- Science Fiction Writers of America abuses the DMCA – Boing Boing
- The Science Fiction and Fantasy Writers of America invoked the DMCA to request works be removed from Scribd even though in a number of cases they had no right to do so, including Creative Commons licensed work.
- Consumer Reports says ‘keep that car’
- Driving one car for 15 years is cheaper than buying a new one ever 5 years. Nice to see I’ve been doing the right thing all this time.
- 30+ Firefox Add-ons for Web Developers & Designers
- Nice collection of Firefox extensions useful for web developers and/or designers.
- Redirection – Manage 301 redirections without modifying Apache
- Wordrpess 2.1+ plugin to handle redirects. Looks very full featured.
- eTextbook seller fails logic test
- Evo points out what I assume is a hilarious misuse of survey data. CafeScribe is supplying a “book” scented scratch and sniff sticker to customers because people like the way books smell.
Michael A. Stackpole Selling New Fiction Online
It looks like Michael A. Stackpole is experimenting with direct e-book sales on his site. I’m very interested to see how it works out (and I hope it does).
Jed and the Titanium Turtle is a short story “about America and how it deals with a bunch of alien visitors who are ‘here to help.'” Sounds like it could be worth the $2 he’s asking.
Also available are the first two chapters of The Grand History, a fictional non-fiction history of the DragonCrown War. This is going for $1 a chapter, and may be the more interesting experiment. You’re only going to sell this to the subset of people who read the DragonCrown War books liked them enough to want to read meta-fiction in that universe. Don’t get me wrong. I enjoy this type of work. I just think it has less commercial appeal, which makes it perfect for this type of sales model. I hope it works out because I’d love to see more of this type of thing.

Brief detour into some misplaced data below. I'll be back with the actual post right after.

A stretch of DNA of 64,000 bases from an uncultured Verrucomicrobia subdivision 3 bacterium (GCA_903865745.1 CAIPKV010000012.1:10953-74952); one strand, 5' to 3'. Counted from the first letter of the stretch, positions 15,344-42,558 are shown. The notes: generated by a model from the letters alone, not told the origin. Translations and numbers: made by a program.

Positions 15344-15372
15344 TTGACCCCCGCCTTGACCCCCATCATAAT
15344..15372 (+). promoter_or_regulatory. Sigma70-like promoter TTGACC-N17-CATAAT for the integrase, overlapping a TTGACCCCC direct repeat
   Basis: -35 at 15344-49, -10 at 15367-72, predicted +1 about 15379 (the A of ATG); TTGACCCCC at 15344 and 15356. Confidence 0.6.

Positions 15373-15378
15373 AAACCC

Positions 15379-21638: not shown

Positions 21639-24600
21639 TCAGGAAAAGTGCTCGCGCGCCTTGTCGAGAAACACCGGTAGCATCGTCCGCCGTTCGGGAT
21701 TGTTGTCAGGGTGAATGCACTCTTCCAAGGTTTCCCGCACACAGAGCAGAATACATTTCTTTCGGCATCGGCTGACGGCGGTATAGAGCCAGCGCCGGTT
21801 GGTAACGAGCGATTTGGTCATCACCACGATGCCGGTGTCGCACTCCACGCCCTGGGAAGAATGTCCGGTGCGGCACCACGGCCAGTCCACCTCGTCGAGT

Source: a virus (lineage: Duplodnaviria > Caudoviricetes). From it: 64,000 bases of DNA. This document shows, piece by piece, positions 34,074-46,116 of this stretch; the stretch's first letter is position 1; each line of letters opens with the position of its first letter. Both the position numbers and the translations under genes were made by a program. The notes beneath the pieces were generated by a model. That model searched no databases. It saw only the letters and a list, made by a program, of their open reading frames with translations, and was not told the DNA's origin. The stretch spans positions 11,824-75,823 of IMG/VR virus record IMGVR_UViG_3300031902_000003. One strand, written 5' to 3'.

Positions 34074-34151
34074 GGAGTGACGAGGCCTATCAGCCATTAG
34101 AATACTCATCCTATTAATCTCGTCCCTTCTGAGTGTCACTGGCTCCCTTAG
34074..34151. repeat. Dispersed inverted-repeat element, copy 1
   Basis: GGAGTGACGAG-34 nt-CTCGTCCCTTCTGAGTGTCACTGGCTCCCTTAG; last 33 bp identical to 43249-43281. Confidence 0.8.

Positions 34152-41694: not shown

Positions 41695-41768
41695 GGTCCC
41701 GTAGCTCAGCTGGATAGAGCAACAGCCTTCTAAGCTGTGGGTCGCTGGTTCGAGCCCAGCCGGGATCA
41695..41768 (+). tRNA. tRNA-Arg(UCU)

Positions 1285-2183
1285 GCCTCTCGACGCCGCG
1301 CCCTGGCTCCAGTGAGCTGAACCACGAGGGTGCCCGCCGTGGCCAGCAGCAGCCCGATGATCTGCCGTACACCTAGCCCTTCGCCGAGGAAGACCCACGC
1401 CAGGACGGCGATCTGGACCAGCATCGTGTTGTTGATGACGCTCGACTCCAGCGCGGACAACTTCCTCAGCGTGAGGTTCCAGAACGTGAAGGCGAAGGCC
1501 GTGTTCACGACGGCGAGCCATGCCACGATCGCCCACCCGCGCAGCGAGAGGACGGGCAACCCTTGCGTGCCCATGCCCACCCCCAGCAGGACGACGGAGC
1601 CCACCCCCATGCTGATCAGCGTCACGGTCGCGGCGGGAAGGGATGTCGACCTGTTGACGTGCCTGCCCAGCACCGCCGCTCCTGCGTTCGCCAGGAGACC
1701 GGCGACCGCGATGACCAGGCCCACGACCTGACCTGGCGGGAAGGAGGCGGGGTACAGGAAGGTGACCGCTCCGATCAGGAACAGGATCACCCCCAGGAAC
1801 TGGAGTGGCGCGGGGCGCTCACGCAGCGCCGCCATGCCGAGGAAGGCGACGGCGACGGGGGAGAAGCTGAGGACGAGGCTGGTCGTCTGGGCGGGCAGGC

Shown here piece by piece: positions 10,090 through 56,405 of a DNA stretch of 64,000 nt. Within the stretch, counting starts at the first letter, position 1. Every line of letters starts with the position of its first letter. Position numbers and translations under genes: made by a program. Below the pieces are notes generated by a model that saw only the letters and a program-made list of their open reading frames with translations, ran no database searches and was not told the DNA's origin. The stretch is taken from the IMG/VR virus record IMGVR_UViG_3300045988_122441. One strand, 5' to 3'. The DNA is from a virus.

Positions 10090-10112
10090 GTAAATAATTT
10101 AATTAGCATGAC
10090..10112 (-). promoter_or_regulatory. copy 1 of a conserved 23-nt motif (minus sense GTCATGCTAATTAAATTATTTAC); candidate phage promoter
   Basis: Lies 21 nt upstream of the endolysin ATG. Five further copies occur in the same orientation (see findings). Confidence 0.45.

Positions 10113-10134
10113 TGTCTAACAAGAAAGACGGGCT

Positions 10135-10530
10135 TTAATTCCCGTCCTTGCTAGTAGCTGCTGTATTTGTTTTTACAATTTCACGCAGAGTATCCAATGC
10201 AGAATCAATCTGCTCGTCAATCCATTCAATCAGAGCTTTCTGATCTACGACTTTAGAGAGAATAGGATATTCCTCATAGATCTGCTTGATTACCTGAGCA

The setup seems similar the one Holly Lisle uses in her shop. On the other hand, Mr. Stackpole is focusing on fiction, and short works. This immediately brought thoughts of micropayments to mind. iTunes has shown that the $1 granularity works for online sales (at least in huge quantities), but last time I looked into it (which was a few years back, and I was focusing on comics at the time) a decent micropayments systems for sub-dollar amount sales still hasn’t emerged.
All the works are currently only available as PDFs (just like Holly Lisle’s). This is a bummer (for me) because I can’t easily read them on my eBookwise 1150, which I’d prefer. I already work and write at the computer (although I’ve been doing more longhand writing lately). Extra on-screen reading is too much for my eyes. Since PDFs don’t let you resize the text and have it re-flow that means I’ll have to print them out. which is what I do with his excellent writing newsletter The Secrets. I don’t mind printing those out since I keep them indexed in binders to make it easy to refer back to them.
None of these are really issues I expect anyone to just solve, let alone authors selling their own stories for a couple of bucks. I do wish reasonable tools and standards were in place so that a more flexible solution would be the obvious choice.
Anyway, I’m looking forward to giving Jed and the Titanium Turtle a read later.